What a month! A power user becomes an iMac evangelist, new iMacs in six colors redefine computing and Apple astounds us by seeming to listen when Mac lovers speak.
“You got a what? But Chris, you’re a Power User! You eat benchmarks for breakfast! Whatever are you going to do with an iMac? Oh,” I say. “I see. It’s tangerine.”
It was late August and my son, working as a media consultant for a local university, had recently moved into his grandmother’s home to be a part-time chef, chauffeur, and companion. Grandmother would get the care she needed and Chris would set up his Mac studio in her comfortable basement family room.
Unfortunately, there was no way to get Cable into the basement without major remodeling. And as he and the university often corresponded by cable modem (a necessity for sending large graphic files back and forth), the breakfast nook soon disappeared beneath the 8600, two monitors, a scanner, printer, Zip, small TV and all the paraphernalia associated with a primary work station.
Using an iMac as his Internet connection would not only save space and allow the primary work machines to spread out across the basement (as well as freeing them to render 24 hours a day when needed), it would even match the wallpaper. Grandmother was delighted.
But not nearly as delighted as Chris, when he found what a dynamo his new iMac, entry level or not, turned out to be. After upgrading the RAM to 196, it ran rings around the Umax S900 and even put the 8600/300 with its full 1 MB cache to shame.
He wrote: “This second generation iMac is truly a power-user machine! I installed Painter 5.0 on it and it’s like a whole new program. It’s snappier than I’ve ever seen it. Photoshop, too, is a speed demon. I’ve been running side-by-side plug-in ‘races’ between the iMac and 8600, and the 8600 has yet to win. Not bad for a little 18 inch entry-level box!”
There were problems of course. Without a serial port, LightWave and AfterEffects, both of which require a dongle, were unusable. And with his main computers in the basement, transferring files without a floppy, SCSI, or Internet connection was impossible. By the end of of September the iMac had sprouted a USB Zip, a USB-ADB adapter for hooking up dongles and 100 feet of cable snaking from kitchen to laundry and down the stairs to the studio. The small dinette table was filling up as quickly as Chris’ bank account was being depleted.
But the iMac was now networked in as a true member of the graphics team. Being a Mac, all three hard drives showed up on each machine. And from any machine, Chris could drag and drop large files onto the Internet icon and send them, via cable, to the university. He was more productive than he had ever imagined.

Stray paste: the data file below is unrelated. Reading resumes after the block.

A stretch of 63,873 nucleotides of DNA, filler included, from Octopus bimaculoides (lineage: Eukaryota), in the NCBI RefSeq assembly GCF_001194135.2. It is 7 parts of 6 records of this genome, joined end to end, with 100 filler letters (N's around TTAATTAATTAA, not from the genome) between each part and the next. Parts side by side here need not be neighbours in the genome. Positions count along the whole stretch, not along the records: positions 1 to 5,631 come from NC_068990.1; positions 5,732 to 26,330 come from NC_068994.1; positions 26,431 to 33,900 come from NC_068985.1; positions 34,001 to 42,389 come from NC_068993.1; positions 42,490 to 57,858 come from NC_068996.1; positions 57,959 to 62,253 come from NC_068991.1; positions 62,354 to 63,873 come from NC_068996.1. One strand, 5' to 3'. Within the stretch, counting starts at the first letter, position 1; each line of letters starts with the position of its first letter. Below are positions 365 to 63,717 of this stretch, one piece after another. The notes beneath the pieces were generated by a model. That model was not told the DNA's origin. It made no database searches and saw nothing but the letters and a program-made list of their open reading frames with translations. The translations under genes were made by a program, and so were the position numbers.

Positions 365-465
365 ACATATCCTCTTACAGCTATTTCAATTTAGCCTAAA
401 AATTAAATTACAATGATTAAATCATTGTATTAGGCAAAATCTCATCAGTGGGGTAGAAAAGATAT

He wrote: “BTW: I have a ftp site at the university now and when I sent the first batch of videos over, my data transfer speed was 487k per sec. It turns out the same server that the Wichita Cable Service uses is used by WSU also. This means I can configure my net boot system to function just like it was on campus. I don’t have to go to the media center for video clips anymore–I just load them directly into my applications as if they were a locally mounted disk! I can see this cable modem was certainly worth the wait!!!”
The little tangerine box had just settled into place when, on the fifth of October, Apple announced iMac, phase three. Not only were prices dropping to new lows, there would be a power user version in graphite black. (Sorry Grandma, eat your heart out… but guys really go for graphite.)
He wrote: “You gotta go to Apple’s site and look up the specs on the new iMacs. Unbelievable! And it’s not just the machines or the prices that are unbelievable… It’s Apple. When I filled out my online registration, the very last question was ‘Is there anything you would like to see in the iMacs that is not there?’ So, I said More RAM, Better speakers, Video in, DVD drive, SCSI support (or better yet, Firewire) and MAKE IT EVEN FASTER!
“Well whaddaya know! It’s ALL there. They’ve even made the RAM more accessible. No more voiding the warranty to upgrade it yourself. WOW! Could it be that Apple actually listens???”
If Apple has truly learned to listen to the rest of us, just think what wonderful things could lie ahead. (Wonder where they would be if they’d listened all along?)
It is important to note, however, that current iMac owners, when considering upgrading to the new versions, should be aware that the RAM is not compatible. You can’t take it with you. And sadly, even the top of the line graphite model has only a 512 KB cache. Both of those factors cooled Chris’ initial excitement in spite of the 400 MHz processor, the dual Firewire ports, the 128 MB-base RAM and the 13GB drive in the DV Special Edition. Which is just as well as his August iMac has scarcely had time to accumulate dust.
On the other hand, his sister has long wanted a small tangerine Mac to match her own kitchen. And at only a few hundred $$$ more than last month’s standard five-flavored iMac, that graphite DV is awfully tempting. If he can sweet talk Sis into some kind of deal, I wouldn’t be surprised to find Grandma sporting a speedy, FireWired little black box in the breakfast nook before YK2 overtakes the Windows world.